First, let’s create a constant that represents our Sun’s position at the beginning of the createPlanet function.

Replace the line

And replace it with the following

The Earth parent node will be in the same position as our Sun node and will be the Earth node origin. Nothing has changed for the Earth node in terms of position.

Now run the app.

Yes! The Earth stays still while the Sun is rotating.

Now let’s rotate our Earth.

Add the following code at the end of the function.

Run the app.

Now our Earth is rotating. Making a full rotation every 8 seconds. Looks good!

Now let’s make the Earth translate with the speed we want.

Add the following code at the end of the function.

We are adding 5 seconds to complete a translation animation because I want the example to be quick so you can continue with the next steps, we can modify the speed when all is finished.

Run the app.

When the Earth parent node rotates, the Earth follows its parent changing coordinates, making it translate. Yes, just like the problem when the Sun was the Earth’s parent but this time, the Earth’s speed does not depend on the Sun-s speed.

Just to clarify, this is the size comparison of our Solar System.

Source: Wikipedia

We can make our Sun look bigger and the Earth smaller, it all depends on how much space you have to appreciate the planets.

I’ll reduce the radius size of the Earth to 5 centimeters.  I’ll assign the same size to Mercury, Venus, and Mars, while Jupiter, Saturn, Uranus, and Neptune will have a 10 centimeters radius. This requires a lot of space in the room so use the sizes you think are good for you or just add the planets you want to see.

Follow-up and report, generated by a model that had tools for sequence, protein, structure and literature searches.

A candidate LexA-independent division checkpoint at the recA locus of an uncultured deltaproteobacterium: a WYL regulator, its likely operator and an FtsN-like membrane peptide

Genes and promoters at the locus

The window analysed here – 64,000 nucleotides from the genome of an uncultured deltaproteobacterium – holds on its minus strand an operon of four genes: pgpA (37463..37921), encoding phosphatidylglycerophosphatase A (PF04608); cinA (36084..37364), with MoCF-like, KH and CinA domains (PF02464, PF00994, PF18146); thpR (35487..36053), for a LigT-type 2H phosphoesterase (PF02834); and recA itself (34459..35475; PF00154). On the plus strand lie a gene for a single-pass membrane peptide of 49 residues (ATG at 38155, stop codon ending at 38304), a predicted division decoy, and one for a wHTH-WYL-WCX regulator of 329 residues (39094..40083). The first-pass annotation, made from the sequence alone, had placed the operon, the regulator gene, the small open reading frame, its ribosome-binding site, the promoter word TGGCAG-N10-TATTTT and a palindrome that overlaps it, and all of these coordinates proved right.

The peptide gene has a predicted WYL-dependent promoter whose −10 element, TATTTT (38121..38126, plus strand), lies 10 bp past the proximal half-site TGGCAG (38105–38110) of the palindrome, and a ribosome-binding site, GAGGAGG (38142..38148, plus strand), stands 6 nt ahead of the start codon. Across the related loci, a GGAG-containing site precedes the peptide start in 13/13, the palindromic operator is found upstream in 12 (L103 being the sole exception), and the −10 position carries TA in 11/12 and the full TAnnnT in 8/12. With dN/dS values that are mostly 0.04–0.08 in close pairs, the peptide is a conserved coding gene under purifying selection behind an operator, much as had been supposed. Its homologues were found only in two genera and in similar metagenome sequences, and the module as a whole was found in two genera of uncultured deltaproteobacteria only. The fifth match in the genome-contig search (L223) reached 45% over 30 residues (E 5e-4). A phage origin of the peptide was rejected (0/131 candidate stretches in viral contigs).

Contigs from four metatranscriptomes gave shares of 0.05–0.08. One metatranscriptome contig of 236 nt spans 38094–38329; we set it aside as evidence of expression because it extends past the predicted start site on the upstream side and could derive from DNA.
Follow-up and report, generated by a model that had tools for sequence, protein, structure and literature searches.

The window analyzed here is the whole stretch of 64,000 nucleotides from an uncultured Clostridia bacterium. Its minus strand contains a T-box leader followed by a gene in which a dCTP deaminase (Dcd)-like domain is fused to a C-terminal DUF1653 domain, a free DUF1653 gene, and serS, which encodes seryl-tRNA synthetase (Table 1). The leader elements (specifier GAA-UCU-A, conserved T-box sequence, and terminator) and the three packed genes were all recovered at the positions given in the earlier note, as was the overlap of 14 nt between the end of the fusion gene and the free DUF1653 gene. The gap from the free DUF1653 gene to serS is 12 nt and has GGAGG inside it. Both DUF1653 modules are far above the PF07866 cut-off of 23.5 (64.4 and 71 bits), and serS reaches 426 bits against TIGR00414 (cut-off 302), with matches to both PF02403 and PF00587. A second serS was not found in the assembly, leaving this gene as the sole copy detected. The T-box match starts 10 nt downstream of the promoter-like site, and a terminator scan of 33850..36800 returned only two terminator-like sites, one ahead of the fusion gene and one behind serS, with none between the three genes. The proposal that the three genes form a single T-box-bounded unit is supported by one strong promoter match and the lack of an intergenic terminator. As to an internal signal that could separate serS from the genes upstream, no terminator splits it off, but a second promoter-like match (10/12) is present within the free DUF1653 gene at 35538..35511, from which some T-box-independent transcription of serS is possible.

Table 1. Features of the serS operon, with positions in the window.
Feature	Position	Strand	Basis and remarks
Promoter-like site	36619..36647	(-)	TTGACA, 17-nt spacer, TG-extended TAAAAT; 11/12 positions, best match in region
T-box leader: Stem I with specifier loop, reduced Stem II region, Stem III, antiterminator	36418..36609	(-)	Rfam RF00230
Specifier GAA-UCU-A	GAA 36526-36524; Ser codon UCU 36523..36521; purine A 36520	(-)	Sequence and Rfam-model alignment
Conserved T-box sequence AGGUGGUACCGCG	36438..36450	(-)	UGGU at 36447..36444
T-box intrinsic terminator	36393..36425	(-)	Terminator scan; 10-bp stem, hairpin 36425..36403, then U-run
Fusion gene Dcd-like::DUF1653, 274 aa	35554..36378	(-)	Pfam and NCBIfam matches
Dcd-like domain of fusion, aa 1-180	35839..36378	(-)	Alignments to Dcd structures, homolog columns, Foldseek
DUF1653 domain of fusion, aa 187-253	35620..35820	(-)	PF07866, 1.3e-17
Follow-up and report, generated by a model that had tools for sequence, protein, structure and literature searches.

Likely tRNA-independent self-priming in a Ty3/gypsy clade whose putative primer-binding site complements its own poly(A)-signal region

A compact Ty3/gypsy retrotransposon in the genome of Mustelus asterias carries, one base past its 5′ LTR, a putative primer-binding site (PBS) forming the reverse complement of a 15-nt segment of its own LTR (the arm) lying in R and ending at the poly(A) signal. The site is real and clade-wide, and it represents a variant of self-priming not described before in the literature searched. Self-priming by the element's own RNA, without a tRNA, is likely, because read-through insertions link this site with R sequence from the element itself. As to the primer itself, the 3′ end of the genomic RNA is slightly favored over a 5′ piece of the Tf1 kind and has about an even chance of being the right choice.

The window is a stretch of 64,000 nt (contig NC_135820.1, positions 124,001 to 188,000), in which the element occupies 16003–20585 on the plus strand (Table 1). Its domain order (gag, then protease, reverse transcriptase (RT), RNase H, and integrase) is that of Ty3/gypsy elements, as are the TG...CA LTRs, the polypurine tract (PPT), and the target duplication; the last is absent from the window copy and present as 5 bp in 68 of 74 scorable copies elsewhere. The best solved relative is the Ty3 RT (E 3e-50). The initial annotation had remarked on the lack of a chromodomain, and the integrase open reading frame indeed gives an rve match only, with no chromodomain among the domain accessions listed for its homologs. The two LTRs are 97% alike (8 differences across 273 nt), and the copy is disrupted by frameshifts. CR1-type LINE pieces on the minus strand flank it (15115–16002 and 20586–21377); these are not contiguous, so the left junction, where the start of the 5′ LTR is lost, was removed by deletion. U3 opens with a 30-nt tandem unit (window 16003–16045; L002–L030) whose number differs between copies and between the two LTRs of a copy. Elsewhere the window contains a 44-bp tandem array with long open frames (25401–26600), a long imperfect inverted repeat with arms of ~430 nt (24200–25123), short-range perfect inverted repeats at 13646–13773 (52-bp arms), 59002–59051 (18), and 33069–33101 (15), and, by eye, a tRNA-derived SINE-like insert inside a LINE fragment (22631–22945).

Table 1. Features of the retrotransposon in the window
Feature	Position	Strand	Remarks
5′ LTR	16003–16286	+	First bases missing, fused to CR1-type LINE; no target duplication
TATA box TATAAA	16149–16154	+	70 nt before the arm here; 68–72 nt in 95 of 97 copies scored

For Mercury, we have to repeat the steps above and create a function that creates parent nodes.

Now add the following code at the end of the createPlanet function.

Now make the sunPosition constant at the beginning of the createPlanet function, a global constant.

Now we can separate the creation of every planet.  Now add the following function.

Don’t forget to call it at the end of the createPlanet function.

Now run the app.

Mercury is 45 centimeters away from the Sun, it completes a rotation every 5 seconds and completes a translation every 2 seconds.

Now we can move the code that creates our Earth and our Sun to a function.

Now other “createPlanets” function looks clean.


The steps won’t change, except that we also have the specular image for Venus’s atmosphere.

Remember to call the function from the createPlanets function.

Run the app.

Now we have three planets moving in our Solar System. Let’s add the rest.

Mars to Neptune

From Mars to Neptune we only have diffuse images, so I’m going to skip the explanation for those planets since we already know how to show them.

The position for every planet will be 25 centimeters more distant than the previous planet. The earth is 1 meter away from the Sun, so Mars will be 1.25 meters away from the Sun and so on.